“It was very frustrating because we couldn’t gain any ground on them,” State’s Anna Ross said. “Like coach said we weren’t knocking down shots and when you don’t do that it’s tough to come back.”

Cook, who also had a season-high four blocked shots in the win, was joined in double figures for Notre Dame by Adachi, who finished with 17 points and Kyleigh Ramlow, who contributed 10.

Ross and Jordan led the Yellow Jackets with 13 points apiece. Alexandra Jackson finished with 12 points, four assists and three steals.

Notre Dame lost both regular-season meetings to Glenville State. The Pioneers won 84-69 in Glenville on Jan. 4and claimed a hard-fought 88-84 victory on the Falcons’ home court on February 08. Since the February 08 setback Notre Dame has won seven straight. GSC comes into Sunday’s title game riding a 28-game winning streak.

Glenville State Dominates Fairmont State, Advances to MEC Championship Game

The Free Press WV

The Glenville State Lady Pioneers defeated Fairmont State University as they claimed their 28th straight victory and punched their ticket to the MEC Tournament Championship game.

Glenville State (29-1) netted nine three-pointers and 10 players score while Fairmont State (16-14) went just 4-of-13 from deep and had two players in double figures.

GSC’s Paris McLeod started right where she left off on Thursday as she scored the first two points of the ball game. But after those two points FSU went on a 6-0 run as they took a 6-2 lead. GSC later tied the game up at 6-6. The Lady Pioneers held just a three point lead at the first media timeout with 4:46 to play.

After the media timeout the Lady Pioneers went on an 8-0 run to take 20-13 lead over the Falcons.  Glenville State made some separation to end the first quarter as they went on a 12-2 run as they held a 12 point lead after one, 27-15.

In the second, both teams would start out slow however GSC would manage to stretch their lead to 19 points at the 6:04 minute mark, 38-19. Fairmont proceeded to make a small run and cut the deficit to 13 points with 47 seconds left but Paris McLeod would hit two free-throws as the Lady Pioneers went into halftime with up 44-29.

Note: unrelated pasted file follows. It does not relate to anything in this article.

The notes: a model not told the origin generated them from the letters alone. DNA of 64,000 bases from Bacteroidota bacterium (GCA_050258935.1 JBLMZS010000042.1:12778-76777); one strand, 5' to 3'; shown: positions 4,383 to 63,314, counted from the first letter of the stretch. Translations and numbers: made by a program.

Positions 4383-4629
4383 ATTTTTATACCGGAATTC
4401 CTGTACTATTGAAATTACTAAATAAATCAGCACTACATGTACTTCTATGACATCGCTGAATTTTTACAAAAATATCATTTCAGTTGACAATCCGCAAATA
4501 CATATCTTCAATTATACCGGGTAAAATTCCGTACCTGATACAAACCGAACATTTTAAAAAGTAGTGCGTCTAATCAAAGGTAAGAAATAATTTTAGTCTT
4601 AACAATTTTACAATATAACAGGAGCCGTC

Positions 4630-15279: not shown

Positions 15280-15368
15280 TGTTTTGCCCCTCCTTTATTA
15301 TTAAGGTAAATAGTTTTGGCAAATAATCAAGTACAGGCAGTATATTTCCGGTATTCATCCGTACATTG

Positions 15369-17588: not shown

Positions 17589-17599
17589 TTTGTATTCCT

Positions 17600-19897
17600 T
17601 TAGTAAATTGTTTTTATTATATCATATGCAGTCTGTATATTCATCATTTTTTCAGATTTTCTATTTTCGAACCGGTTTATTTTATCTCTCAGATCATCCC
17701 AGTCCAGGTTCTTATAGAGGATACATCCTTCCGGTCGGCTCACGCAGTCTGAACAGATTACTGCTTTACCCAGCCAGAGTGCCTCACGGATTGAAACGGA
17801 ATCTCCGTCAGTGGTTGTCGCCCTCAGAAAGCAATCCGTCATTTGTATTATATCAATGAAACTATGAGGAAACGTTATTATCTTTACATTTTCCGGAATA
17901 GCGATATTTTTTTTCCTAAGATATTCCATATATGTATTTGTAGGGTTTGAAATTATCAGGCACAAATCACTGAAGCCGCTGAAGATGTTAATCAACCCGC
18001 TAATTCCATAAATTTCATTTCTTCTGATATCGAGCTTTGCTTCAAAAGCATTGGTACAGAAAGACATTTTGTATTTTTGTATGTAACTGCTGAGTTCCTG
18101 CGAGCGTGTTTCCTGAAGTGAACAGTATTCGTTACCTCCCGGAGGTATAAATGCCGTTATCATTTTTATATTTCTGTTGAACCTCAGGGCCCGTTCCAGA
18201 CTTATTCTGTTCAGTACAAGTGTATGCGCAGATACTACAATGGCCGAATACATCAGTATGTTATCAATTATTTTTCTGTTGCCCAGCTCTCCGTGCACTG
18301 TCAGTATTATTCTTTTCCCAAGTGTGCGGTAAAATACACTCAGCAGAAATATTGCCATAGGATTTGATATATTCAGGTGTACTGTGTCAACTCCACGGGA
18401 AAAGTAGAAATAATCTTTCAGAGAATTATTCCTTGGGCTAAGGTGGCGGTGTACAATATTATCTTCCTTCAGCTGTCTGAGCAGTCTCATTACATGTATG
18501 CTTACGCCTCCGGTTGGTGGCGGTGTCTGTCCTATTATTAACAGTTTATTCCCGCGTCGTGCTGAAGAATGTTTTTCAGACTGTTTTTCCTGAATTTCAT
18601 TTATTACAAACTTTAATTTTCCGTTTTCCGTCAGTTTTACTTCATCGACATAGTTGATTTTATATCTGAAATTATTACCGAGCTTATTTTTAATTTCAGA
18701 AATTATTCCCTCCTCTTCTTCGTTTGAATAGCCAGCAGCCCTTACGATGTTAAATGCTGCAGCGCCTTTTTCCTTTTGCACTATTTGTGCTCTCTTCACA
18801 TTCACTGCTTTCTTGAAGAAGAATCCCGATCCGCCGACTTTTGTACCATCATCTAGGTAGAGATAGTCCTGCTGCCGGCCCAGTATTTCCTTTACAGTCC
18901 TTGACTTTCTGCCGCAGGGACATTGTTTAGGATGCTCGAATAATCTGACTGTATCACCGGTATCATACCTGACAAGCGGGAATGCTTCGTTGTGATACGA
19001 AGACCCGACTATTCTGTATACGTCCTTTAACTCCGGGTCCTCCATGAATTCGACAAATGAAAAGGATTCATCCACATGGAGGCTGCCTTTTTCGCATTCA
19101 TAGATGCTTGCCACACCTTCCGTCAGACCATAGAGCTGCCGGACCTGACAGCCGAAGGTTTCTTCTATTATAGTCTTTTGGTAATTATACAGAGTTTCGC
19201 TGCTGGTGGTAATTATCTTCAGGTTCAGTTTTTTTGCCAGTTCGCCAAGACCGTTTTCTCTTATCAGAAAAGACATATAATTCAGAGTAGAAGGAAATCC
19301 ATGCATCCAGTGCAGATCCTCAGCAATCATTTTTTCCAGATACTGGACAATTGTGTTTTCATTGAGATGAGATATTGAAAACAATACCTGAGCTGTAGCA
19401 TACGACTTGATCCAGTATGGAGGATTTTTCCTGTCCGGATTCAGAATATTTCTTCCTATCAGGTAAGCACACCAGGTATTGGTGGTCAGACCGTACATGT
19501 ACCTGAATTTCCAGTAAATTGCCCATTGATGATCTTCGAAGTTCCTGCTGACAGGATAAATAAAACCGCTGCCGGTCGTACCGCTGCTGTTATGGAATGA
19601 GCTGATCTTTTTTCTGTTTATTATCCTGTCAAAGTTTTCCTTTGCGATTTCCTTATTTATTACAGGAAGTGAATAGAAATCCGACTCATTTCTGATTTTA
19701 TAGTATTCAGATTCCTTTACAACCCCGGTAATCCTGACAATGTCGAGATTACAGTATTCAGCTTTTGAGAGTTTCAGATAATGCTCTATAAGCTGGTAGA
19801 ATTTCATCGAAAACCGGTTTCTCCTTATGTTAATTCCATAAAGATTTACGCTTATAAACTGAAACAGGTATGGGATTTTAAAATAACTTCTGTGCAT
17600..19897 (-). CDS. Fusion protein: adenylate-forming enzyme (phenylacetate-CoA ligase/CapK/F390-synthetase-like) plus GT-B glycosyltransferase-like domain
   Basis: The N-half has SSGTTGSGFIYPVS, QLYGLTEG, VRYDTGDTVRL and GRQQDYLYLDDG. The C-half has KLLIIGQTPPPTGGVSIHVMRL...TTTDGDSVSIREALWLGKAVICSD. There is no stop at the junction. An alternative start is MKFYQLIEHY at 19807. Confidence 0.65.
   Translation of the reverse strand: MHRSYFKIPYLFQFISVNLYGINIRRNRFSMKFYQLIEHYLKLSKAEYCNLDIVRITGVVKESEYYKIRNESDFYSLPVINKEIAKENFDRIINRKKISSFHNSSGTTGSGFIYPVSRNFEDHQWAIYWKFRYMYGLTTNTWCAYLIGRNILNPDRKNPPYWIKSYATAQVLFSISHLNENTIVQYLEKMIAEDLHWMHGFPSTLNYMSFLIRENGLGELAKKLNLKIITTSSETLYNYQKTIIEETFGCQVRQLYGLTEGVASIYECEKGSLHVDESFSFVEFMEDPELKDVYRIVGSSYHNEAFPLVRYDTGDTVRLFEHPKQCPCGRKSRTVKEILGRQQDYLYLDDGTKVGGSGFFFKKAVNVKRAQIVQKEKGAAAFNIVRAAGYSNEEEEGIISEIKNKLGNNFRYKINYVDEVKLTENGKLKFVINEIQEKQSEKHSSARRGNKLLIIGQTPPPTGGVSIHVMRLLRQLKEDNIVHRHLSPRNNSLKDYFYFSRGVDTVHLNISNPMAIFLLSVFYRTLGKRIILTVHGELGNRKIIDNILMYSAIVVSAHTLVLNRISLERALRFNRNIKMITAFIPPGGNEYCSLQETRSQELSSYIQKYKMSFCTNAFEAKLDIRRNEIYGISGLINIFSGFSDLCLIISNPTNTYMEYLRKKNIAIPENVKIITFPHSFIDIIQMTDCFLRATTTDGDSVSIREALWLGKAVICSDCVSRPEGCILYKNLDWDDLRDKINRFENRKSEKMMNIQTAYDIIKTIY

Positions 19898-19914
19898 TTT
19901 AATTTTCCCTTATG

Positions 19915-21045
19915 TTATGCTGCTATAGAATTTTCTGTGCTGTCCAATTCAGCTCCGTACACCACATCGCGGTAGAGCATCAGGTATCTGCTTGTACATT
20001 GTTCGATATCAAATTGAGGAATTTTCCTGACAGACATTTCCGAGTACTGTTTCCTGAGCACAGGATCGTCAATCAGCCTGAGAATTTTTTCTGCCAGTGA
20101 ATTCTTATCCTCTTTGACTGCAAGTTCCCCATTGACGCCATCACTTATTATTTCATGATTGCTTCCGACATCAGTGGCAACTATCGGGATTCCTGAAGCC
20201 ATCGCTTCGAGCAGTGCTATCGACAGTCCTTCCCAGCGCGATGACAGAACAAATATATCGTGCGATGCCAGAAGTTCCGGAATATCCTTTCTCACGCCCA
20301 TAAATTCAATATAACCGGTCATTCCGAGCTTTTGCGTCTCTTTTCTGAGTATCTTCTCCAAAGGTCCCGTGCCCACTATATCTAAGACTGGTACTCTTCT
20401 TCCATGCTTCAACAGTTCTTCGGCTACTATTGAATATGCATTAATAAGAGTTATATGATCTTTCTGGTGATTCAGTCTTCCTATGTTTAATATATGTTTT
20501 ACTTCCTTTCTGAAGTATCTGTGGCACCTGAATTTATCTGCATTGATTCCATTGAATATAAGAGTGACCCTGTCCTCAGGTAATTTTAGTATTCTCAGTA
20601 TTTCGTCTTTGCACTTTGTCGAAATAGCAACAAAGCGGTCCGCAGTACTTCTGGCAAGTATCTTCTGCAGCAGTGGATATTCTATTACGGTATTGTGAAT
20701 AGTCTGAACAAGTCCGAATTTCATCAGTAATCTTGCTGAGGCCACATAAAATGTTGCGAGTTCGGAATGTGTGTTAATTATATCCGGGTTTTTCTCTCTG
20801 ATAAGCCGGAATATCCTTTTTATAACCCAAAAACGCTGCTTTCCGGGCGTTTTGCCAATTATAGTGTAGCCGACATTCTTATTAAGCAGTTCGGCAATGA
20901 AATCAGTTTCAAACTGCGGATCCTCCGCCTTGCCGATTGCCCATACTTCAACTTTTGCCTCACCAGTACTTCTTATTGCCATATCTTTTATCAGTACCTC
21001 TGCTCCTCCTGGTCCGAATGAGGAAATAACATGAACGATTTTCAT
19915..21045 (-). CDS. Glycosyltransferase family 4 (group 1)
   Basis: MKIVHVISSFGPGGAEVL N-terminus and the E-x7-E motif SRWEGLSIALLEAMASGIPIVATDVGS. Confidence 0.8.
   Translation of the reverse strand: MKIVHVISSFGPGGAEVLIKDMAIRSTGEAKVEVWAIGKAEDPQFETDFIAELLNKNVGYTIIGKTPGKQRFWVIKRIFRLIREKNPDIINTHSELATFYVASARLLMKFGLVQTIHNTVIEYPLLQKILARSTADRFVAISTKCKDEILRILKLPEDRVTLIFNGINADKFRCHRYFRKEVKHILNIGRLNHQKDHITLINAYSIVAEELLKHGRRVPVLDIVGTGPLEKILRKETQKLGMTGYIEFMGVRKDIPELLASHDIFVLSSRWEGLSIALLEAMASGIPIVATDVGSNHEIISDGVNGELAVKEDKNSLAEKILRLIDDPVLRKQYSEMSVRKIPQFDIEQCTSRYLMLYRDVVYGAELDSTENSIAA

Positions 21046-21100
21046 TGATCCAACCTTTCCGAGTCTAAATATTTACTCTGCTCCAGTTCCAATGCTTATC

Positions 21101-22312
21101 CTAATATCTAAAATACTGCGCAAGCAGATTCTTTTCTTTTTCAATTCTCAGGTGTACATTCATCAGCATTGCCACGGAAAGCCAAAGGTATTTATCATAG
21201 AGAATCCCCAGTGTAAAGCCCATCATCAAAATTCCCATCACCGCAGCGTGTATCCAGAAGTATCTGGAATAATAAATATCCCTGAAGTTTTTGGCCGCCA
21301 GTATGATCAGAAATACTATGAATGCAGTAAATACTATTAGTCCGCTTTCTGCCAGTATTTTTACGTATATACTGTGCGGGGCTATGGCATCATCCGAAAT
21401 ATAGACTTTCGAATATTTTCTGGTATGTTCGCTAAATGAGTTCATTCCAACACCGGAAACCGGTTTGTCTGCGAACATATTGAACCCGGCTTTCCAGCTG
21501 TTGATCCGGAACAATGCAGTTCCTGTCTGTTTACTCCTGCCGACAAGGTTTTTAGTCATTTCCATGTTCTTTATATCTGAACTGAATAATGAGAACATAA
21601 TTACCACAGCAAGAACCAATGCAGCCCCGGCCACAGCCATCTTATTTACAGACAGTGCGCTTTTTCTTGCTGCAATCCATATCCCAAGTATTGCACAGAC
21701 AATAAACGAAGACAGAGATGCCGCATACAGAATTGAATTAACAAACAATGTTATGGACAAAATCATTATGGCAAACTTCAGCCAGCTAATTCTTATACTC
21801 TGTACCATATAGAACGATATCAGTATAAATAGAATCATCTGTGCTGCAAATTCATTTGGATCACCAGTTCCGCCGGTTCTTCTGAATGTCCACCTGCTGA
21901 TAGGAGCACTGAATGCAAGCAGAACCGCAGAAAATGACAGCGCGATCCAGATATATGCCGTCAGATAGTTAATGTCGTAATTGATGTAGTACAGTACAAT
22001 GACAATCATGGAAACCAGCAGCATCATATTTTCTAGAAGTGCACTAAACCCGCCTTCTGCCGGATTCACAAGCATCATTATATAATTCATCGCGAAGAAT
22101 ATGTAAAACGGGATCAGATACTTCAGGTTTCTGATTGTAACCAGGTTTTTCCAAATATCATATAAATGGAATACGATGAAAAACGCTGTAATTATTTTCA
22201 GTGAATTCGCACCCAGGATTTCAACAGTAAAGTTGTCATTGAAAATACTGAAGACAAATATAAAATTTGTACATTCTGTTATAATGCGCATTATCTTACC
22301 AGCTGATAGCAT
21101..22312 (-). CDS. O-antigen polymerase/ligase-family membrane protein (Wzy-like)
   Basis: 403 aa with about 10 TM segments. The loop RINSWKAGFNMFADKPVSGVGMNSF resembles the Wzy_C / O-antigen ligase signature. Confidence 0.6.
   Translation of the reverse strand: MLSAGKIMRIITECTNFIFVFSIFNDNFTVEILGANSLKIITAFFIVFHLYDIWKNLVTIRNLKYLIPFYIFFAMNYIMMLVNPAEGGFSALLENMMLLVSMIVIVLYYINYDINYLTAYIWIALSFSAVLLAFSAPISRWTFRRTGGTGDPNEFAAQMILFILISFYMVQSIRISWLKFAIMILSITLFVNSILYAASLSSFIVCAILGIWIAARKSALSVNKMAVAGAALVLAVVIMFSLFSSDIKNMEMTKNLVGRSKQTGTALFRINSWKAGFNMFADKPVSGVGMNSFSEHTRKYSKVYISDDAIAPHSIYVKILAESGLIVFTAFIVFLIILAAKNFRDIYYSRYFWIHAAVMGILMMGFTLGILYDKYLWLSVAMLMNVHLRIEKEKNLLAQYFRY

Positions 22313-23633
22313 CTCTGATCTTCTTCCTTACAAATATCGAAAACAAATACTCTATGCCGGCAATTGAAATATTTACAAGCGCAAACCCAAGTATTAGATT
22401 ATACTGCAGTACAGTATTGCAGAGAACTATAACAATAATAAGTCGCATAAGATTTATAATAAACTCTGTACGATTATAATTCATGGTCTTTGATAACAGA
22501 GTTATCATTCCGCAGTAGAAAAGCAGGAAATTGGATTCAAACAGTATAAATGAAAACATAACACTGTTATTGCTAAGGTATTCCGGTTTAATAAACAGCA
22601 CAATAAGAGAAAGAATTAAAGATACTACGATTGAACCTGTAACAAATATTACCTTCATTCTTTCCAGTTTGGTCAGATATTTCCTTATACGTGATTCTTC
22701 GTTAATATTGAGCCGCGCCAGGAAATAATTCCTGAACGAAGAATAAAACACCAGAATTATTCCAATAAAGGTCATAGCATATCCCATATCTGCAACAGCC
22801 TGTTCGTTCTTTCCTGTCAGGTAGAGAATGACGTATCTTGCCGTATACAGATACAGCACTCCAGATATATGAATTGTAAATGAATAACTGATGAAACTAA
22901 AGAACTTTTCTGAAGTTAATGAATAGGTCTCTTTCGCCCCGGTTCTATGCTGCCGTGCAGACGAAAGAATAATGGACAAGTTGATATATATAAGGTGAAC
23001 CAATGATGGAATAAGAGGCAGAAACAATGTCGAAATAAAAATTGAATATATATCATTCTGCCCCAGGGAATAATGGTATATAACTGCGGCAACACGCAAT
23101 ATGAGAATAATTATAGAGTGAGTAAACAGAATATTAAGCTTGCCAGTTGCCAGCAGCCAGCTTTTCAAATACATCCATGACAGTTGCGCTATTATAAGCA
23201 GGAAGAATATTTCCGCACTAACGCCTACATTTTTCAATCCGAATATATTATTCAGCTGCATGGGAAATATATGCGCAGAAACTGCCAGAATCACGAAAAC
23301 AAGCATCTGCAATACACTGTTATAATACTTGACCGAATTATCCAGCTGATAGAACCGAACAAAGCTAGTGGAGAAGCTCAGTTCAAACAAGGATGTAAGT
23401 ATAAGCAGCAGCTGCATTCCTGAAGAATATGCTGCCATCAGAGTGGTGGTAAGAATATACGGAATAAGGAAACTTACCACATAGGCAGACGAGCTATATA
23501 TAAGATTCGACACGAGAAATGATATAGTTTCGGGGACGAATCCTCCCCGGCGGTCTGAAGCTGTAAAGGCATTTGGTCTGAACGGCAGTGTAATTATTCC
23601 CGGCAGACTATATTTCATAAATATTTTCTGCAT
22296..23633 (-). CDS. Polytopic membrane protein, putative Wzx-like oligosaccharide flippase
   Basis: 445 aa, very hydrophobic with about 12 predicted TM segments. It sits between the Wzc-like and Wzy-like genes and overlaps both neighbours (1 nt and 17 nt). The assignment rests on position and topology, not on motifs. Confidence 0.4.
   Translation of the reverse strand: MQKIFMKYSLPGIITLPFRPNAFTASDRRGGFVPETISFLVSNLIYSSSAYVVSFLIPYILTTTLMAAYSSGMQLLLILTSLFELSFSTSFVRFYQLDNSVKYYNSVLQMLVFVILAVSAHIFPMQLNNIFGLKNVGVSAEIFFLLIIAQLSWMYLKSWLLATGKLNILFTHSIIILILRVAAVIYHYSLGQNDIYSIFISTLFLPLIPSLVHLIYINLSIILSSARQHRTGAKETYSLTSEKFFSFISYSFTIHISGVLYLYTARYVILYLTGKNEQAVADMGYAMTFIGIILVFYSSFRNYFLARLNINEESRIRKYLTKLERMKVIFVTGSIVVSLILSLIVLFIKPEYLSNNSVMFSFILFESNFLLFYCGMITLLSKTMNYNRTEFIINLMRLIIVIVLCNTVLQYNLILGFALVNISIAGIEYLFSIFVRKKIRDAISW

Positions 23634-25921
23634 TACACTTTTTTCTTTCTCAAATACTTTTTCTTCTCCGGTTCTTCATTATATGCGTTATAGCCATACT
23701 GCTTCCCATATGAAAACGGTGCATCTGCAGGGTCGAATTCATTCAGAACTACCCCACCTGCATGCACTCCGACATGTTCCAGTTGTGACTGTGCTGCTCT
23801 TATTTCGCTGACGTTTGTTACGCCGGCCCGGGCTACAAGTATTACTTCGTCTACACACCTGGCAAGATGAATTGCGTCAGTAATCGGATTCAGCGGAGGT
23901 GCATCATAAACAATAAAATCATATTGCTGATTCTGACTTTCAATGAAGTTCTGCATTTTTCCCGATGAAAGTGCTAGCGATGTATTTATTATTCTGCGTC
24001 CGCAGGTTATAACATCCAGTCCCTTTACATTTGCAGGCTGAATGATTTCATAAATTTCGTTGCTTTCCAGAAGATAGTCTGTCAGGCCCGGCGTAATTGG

Glenville State’s defense forced FSU into 14 turnovers in the first half of action.

In the third, FSU made a small 5-0 run as they made it 54-38 but GSC bounced back and stretched their lead to 21 at 61-40 with 4:08 to play in the quarter. Again the Falcons made another run as Sierra Kotchman hit back-to-back three’s for FSU, cutting the Lady Pioneers lead to 13 points 63-50. Glenville State ended up taking a 69-52 lead into the fourth.

Fairmont would try and make a comeback in the fourth and even outscored GSC 17-14 in the quarter. However, the deficit was just too much to overcome as Glenville State picked up the 83-69 win and advance to the MEC Tournament Championship Game on Sunday.

Glenville State finished the day shooting 41 percent from the field and 22 percent from deep while Fairmont State shot 44 percent from the field and 30 percent from deep.

The Lady Pioneers scored 21 points off of 23 Falcon turnovers while also outscoring them in the paint 44-34.

GSC’s bench scored 32 point while FSU had 17 points from their bench.

Glenville State’s Paris McLeod scored a game-high 23 points while grabbing seven rebounds, four assists and five steals. Emily Stoller registered 15 points while Kristin DesRocher chipped in with 10 points.